How is myeloma diagnosed?


A number of tests will be performed to investigate symptoms of myeloma and confirm a diagnosis. Some of the more common tests are: 

  • a physical examination 
  • blood tests 
  • urine tests 
  • imaging scans to look for bone damage, which may include X-rays, a computed tomography (CT) scan or magnetic resonance imaging (MRI) 
  • bone marrow aspiration, where a thin needle is used to remove a sample of fluid (aspirate) from the bone marrow for examination under a microscope 
  • trephine (or bone marrow) biopsy, where a needle is used to remove a small piece of bone and a sample of bone marrow for examination under a microscope 
  • cytogenic tests, which look for changes in the chromosomes of plasma cells; the bone marrow sample taken during the biopsy is used for cytogenetic testing. 


If you are diagnosed with myeloma, you might have more tests to determine the stage of the disease and whether the cancer has spread to other parts of the body. Knowing the stage of the disease helps your medical team plan the best treatment for you. 

To work out how much the cancer has spread, you might have X-rays, MRI and bone density tests. You will also have blood tests, which help your doctor stage the disease. These tests check: 

  • levels of beta-2 microglobulin, a protein produced by myeloma cells 
  • levels of albumin, a protein produced by the liver 
  • levels of lactate dehydrogenase (LDH), an enzyme released into the blood when cells are damaged or destroyed 

The most commonly used staging system for myeloma is the Revised International Staging System, or R-ISS. The stages of myeloma are:[10]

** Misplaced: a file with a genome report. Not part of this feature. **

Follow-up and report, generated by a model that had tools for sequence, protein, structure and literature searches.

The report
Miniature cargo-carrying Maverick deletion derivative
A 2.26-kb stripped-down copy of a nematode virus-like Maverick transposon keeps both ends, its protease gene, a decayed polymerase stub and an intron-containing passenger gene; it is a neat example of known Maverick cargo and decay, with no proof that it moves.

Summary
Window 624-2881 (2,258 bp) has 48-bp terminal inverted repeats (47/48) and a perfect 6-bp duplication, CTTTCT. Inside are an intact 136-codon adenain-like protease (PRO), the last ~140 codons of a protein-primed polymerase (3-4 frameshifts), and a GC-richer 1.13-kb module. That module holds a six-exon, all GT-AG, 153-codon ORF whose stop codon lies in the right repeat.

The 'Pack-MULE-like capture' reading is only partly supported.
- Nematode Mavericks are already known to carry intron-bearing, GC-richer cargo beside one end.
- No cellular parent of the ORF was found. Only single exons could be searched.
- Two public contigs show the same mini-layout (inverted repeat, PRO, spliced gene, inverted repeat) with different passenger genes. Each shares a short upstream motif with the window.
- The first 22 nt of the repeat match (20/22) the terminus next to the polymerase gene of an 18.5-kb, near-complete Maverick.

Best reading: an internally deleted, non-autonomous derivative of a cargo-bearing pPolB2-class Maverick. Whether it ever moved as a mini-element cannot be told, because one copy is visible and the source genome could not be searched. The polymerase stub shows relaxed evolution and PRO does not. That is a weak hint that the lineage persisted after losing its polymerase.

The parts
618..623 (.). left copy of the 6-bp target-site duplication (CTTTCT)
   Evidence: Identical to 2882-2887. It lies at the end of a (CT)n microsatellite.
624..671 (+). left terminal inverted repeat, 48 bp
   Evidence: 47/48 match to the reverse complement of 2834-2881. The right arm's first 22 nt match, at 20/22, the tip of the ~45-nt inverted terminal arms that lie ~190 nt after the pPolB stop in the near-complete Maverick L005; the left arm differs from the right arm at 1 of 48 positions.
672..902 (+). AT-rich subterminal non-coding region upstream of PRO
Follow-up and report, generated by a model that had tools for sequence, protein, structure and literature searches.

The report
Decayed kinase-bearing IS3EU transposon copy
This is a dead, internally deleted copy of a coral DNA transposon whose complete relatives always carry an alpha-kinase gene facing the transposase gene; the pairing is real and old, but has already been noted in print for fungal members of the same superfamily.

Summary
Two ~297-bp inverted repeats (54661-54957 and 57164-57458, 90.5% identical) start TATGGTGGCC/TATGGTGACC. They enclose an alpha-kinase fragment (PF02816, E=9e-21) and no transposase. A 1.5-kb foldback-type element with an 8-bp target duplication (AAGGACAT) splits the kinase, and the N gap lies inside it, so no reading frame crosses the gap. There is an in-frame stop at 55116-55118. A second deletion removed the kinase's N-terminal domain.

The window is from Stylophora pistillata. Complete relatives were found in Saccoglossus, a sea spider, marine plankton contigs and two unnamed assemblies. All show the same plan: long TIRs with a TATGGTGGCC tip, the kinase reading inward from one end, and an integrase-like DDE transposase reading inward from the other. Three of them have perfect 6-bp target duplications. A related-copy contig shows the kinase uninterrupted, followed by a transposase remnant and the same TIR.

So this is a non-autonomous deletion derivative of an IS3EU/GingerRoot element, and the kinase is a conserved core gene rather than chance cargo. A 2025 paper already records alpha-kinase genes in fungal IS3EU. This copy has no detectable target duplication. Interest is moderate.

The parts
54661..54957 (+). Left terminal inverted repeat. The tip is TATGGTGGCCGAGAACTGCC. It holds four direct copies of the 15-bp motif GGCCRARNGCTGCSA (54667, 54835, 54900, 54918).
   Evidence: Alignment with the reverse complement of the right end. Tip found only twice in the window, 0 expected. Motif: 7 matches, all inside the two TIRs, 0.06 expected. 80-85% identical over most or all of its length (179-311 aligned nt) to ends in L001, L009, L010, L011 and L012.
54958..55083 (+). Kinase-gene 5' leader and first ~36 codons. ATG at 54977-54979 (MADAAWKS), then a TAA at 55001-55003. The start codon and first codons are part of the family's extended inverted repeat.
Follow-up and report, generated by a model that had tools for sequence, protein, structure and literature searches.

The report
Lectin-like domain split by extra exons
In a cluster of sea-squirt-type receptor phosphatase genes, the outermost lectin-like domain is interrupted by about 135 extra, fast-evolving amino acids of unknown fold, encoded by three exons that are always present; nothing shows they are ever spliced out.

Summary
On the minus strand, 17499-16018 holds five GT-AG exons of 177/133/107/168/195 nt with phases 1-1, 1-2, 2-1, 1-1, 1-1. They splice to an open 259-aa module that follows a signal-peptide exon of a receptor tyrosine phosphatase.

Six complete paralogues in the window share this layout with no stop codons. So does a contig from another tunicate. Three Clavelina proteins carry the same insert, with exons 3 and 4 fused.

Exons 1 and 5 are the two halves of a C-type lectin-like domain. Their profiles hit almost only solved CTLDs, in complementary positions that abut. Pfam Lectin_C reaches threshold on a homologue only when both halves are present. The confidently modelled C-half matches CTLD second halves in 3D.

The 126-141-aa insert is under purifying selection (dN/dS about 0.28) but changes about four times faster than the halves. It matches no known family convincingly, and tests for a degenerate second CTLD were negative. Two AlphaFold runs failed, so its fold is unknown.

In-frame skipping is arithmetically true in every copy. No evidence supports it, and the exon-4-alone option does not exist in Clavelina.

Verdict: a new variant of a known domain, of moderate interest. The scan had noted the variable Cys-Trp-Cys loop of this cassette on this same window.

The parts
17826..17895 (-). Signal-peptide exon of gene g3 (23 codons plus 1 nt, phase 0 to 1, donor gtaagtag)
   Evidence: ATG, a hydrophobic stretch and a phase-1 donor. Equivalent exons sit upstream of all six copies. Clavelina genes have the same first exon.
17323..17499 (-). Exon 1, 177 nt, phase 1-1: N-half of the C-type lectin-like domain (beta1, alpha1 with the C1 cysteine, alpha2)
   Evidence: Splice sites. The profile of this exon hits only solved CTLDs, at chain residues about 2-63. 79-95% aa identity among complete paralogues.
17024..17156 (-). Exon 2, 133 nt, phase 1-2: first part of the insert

• Stage I: beta-2-microglobulin level is below 3.5 mg/L and albumin level is 3.5 g/decilitre (dL) or higher 
  • Stage II: blood levels are in between stage I and stage III. 
  • Stage III: beta-2-microglobulin is 5.5 mg/L or higher, and LDH levels are high or there are certain changes in the chromosomes. 

The SLiM criteria were added as part of the R-ISS. It has 3 specific signs, or biomarkers, that doctors look for when diagnosing myeloma. These are: 

  • Significant plasmacytosis (more than 60% of abnormal plasma cells in the bone marrow) 
  • Light chain ratio (a high level of free light chains, which are a form of paraprotein, in the blood) 
  • MRI lesions (more than one area of abnormal bone that is 5 mm or more in size, found by MRI). 

Doctors also use the CRAB criteria of myeloma-defining events to help identify people with myeloma who need to start treatment. These criteria include: 

  • an increase in the calcium level in blood 
  • renal (kidney) damage 
  • anaemia (low levels of red blood cells) 
  • bone damage.